Attorney Michael L. Steinberg of Mount Clemens, Michigan, was sentenced to ten days in jail for contempt of court in May after refusing to obey Judge Michael Martone's repeated admonitions to turn off his cell phone in the courtroom. The last straw for Judge Martone was when Steinberg interrupted his questioning of a witness to take a call.

Family Values

In June, Darryl Ennis, 34, called 911 in Slidell, Louisiana, seeking police assistance to force his mother to cook him some pork chops. When he allegedly verbally abused the emergency operator for declining his request, officers went to his home and arrested him.

Very much opposed to becoming a grandmother: In August, Glenda Dowis was arrested by police in Lake Clarke Shores, Florida, and charged with forcing her 16-year-old pregnant daughter at gunpoint into a clinic for an abortion. After Dowis allegedly told the staff that she would "blow [her daughter's] brains out" if she refused the abortion, someone called 911. According to a detective, Dowis is a construction worker who felt that having a pregnant teenage daughter would impede her climb up the social ladder.

In Their Own Words

A 21-year-old man in Lower Paxton Township, Pennsylvania, whose teenage girlfriend glued his penis to his abdomen in July to punish him for cheating on her, told the Harrisburg Patriot News: "She knew I was a dog and she found out I was fooling around on her, but it shouldn't have come down to that. She could've just slapped me or something."

Recurring Themes

Twelve years ago News of the Weird reported on Houston resident Patrick Johnson, who had a habit of impersonating bus drivers, commandeering unoccupied transit buses and driving the routes, just to satisfy his love of buses. In June of this year, the Pittsburgh Port Authority police arrested a man with the same obsession: Ronald Johnson (no relation, as far as authorities know), 21, who admitted that he had taken three buses out in recent weeks. A Port Authority executive said Johnson "does have [bus-]driving skills" and a uniform, and apparently "loves buses."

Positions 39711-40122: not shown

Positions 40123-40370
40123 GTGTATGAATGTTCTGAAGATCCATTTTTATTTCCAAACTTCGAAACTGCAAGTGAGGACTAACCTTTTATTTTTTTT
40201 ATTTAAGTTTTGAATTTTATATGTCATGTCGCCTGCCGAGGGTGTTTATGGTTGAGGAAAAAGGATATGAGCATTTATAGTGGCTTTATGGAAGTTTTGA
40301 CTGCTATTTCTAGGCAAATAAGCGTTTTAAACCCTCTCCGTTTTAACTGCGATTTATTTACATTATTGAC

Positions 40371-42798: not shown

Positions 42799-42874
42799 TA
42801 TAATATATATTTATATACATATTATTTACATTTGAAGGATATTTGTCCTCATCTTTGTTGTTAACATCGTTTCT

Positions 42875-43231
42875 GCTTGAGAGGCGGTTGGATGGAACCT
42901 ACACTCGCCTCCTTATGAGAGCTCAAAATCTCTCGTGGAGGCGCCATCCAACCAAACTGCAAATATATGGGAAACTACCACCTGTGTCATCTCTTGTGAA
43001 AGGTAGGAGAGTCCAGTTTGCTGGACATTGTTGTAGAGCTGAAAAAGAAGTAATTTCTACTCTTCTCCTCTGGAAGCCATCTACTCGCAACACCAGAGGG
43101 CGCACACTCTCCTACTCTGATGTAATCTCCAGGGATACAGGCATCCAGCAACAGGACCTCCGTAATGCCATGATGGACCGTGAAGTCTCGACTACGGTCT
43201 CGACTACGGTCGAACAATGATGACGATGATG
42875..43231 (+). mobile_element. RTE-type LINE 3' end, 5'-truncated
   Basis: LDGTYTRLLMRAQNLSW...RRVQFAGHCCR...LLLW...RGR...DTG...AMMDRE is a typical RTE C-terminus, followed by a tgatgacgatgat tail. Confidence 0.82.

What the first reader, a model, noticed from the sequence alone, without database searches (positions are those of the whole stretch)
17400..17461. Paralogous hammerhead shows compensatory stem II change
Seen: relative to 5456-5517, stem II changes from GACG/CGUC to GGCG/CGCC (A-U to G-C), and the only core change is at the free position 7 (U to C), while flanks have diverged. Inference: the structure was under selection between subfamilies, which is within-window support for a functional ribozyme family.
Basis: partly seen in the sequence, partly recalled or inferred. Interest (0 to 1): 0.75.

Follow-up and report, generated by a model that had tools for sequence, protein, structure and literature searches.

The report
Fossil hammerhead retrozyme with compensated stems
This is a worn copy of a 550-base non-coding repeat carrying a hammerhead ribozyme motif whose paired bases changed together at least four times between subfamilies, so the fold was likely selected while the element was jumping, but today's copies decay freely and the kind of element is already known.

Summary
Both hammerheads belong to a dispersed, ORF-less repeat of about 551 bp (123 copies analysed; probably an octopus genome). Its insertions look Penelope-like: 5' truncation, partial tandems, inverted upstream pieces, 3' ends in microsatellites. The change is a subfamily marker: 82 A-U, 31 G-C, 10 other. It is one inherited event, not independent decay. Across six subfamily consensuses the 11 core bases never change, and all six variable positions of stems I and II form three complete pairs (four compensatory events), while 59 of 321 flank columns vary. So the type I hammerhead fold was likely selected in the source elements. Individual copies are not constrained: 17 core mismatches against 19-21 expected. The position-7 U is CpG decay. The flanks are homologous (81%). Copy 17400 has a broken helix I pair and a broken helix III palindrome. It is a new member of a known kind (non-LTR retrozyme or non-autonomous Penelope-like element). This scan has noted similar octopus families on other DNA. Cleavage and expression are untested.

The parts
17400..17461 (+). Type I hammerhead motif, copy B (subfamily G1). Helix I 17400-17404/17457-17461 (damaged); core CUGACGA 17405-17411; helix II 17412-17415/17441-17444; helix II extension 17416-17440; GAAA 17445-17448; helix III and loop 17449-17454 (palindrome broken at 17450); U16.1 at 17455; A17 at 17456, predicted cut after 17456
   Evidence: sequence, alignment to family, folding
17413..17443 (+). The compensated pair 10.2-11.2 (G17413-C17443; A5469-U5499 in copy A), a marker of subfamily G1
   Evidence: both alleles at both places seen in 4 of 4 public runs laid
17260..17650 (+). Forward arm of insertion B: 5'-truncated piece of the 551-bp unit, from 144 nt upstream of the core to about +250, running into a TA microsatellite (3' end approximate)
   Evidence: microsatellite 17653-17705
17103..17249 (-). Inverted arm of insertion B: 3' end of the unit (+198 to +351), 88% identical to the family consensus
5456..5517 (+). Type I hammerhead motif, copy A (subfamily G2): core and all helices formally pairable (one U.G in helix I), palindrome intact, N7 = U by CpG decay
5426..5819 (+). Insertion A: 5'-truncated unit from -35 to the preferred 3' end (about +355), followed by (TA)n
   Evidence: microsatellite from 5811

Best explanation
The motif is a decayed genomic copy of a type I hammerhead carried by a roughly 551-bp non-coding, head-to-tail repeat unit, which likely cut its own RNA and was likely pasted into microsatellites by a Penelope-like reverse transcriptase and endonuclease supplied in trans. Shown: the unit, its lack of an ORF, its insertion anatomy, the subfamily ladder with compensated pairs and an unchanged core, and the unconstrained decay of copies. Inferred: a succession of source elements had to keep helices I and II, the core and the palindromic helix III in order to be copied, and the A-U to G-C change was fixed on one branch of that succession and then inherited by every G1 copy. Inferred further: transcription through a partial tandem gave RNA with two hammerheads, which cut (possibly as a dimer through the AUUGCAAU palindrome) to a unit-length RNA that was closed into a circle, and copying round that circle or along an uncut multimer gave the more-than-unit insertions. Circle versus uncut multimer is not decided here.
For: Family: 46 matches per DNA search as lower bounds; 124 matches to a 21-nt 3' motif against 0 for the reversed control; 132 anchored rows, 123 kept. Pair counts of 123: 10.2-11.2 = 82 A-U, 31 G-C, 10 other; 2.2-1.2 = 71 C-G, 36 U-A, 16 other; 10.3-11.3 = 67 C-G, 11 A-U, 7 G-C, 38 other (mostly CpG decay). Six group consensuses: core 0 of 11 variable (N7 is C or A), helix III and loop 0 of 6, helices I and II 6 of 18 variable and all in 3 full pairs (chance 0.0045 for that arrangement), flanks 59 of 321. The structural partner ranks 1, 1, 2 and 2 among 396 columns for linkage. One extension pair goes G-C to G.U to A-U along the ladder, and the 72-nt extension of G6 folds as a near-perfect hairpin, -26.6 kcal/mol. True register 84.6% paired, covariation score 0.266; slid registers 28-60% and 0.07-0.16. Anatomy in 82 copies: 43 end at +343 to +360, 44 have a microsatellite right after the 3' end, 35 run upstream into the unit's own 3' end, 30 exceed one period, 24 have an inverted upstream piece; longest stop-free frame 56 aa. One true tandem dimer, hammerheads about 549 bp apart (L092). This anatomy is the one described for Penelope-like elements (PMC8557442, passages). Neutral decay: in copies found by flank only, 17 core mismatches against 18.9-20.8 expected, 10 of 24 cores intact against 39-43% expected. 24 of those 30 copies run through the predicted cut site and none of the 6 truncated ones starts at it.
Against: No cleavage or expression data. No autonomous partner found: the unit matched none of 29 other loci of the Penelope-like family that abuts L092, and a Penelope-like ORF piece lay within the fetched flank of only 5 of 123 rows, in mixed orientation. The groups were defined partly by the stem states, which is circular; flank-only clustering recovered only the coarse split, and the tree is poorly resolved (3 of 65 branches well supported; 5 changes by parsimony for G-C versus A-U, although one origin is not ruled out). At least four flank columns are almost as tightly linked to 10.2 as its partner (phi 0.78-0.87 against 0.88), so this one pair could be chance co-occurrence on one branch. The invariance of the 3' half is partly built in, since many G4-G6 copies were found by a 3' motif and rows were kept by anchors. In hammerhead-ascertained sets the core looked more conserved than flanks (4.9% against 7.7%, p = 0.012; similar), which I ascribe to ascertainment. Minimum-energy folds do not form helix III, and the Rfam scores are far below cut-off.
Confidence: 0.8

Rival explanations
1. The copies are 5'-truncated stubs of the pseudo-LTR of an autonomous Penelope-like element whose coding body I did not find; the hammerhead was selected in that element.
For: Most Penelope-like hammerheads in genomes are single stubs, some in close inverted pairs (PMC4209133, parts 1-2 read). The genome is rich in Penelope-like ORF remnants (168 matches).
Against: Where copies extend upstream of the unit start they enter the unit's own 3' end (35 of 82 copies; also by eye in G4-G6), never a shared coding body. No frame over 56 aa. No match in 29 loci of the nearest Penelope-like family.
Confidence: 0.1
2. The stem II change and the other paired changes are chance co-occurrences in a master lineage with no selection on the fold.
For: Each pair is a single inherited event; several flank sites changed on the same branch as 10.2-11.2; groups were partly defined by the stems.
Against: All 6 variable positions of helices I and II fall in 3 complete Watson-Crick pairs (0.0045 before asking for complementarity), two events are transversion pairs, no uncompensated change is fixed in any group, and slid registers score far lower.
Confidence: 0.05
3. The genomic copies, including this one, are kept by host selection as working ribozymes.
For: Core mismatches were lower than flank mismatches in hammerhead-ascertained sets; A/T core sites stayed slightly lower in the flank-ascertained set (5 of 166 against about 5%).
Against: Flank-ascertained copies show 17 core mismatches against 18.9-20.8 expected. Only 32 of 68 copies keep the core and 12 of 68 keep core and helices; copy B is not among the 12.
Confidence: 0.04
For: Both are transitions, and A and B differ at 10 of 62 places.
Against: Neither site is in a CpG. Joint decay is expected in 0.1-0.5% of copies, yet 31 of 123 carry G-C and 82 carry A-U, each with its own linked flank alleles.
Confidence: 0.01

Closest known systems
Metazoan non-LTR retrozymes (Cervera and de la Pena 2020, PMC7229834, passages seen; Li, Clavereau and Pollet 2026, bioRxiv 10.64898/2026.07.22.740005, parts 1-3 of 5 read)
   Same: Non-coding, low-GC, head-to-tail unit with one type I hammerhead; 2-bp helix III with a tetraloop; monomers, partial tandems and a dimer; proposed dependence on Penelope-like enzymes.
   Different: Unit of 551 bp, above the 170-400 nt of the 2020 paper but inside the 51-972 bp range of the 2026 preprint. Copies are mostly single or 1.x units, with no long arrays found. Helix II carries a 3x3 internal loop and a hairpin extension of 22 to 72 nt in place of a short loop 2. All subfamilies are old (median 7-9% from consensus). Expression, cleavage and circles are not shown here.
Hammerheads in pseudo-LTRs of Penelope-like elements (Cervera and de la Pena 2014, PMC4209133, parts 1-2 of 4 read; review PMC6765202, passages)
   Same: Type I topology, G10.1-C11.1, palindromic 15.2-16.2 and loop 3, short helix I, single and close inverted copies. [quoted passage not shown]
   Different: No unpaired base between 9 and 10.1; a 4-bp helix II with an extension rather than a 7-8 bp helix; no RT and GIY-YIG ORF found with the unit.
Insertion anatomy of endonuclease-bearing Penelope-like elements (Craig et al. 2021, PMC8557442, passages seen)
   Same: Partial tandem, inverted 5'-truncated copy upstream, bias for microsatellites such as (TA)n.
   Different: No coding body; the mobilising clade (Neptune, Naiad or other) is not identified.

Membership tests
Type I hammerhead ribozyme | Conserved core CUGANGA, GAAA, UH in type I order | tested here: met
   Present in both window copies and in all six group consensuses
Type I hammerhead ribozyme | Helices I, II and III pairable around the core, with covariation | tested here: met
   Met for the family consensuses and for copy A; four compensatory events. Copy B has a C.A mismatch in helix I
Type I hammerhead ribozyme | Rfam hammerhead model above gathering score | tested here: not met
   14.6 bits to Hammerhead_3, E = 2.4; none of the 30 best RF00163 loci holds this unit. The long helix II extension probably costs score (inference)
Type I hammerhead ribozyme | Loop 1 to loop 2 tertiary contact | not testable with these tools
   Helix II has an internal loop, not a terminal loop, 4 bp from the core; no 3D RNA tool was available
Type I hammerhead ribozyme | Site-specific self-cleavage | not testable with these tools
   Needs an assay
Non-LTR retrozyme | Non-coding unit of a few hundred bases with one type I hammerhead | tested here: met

Thinning the Herd

July 4, 2000: A 43-year-old man in Lombard, Illinois, and a 34-year-old man on Long Island were killed when their fireworks did not immediately go off: the men peered down the launching tubes to see what was wrong, only to catch the explosion full-force. Also, a teenager was killed in Des Moines when a firecracker tossed out the window of his SUV blew back inside and exploded, igniting other fireworks in the vehicle and causing the driver to crash into a pole.

In the Last Month

City College of New York announced it will provide students, staff, and faculty with professional philosophy counseling in its health-care facility. Officials at Cape Canaveral finally learned the origin of the plastic bags of urine found recently in a launch-pad complex: a worker was too lazy to use the rest room, which was an elevator ride away. In Cairo police called to an apartment where a man had been dead for a week were held at bay for two hours by the man's 18 cats, aggressively guarding the body. A 29-year-old man in Chambersburg, Pennsylvania, who broke into a house at night and fondled a sleeping woman's thigh was chased by the woman's boyfriend out the door, where the molester tripped and broke his leg.

Send your weird news to Chuck Shepherd, Chicago Reader, 11 E. Illinois, Chicago 60611 or to weird@compuserve.com.

Art accompanying story in printed newspaper (not available in this archive): illustration/Shawn Belschwender.